Keep it calm. Make each feeding peaceful and relaxed. Feed your baby before he or she becomes frantic.
Sit up. Feed your baby in an upright position. Follow each feeding with 15 to 30 minutes in a sitting position. Try a front pack, backpack or infant seat. Gravity can help stomach contents stay where they belong. Be careful not to jostle or jiggle your baby while the food is settling.
Try smaller, more frequent feedings. Feed your baby an ounce (about 30 milliliters) less than usual or limit nursing sessions to just one breast.
Take time to burp. Frequent burps during and after each feeding can keep air from building up in your baby's stomach. Sit your baby upright, supporting his or her head with your hand. Avoid burping your baby over your shoulder, which may put pressure on your baby's abdomen.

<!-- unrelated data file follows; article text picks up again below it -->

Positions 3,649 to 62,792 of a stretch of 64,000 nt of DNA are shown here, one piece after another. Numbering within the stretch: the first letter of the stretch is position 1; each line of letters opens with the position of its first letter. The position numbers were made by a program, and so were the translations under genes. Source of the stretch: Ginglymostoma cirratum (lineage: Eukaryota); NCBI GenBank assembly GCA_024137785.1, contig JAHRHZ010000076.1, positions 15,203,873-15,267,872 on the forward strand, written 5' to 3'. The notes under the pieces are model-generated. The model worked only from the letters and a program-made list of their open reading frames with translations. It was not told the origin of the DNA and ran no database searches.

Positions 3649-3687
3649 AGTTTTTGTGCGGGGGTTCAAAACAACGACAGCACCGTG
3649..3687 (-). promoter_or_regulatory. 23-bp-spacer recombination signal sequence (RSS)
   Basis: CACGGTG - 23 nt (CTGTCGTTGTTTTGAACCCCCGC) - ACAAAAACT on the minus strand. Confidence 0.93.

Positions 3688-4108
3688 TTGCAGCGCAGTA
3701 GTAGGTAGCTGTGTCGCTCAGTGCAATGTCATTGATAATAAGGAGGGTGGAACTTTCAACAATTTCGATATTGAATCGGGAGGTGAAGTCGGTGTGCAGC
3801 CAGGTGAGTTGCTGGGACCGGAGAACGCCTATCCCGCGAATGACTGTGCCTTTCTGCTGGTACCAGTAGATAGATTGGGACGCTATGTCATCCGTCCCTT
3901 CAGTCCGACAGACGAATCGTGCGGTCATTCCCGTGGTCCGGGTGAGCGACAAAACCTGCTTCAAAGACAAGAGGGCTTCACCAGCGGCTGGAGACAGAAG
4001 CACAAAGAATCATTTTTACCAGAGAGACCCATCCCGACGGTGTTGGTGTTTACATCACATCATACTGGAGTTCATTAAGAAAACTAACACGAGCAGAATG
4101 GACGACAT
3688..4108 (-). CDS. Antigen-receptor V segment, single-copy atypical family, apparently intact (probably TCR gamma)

Check the nipple. If you're using a bottle, make sure the hole in the nipple is the right size. If it's too large, the milk will flow too fast. If it's too small, your baby may get frustrated and gulp air. A nipple that's the right size will allow a few drops of milk to fall out when you hold the bottle upside down.
Thicken the formula or breast milk. If your baby's doctor approves, add a small amount of rice cereal to your baby's formula or expressed breast milk. You may need to enlarge the hole in the nipple to make sure your baby can drink the thickened liquid.
Raise the head of the crib. To reduce the risk of sudden infant death syndrome, it's important to place your baby to sleep on his or her back. This position can aggravate reflux, however. It may help to slightly elevate the head of your baby's crib.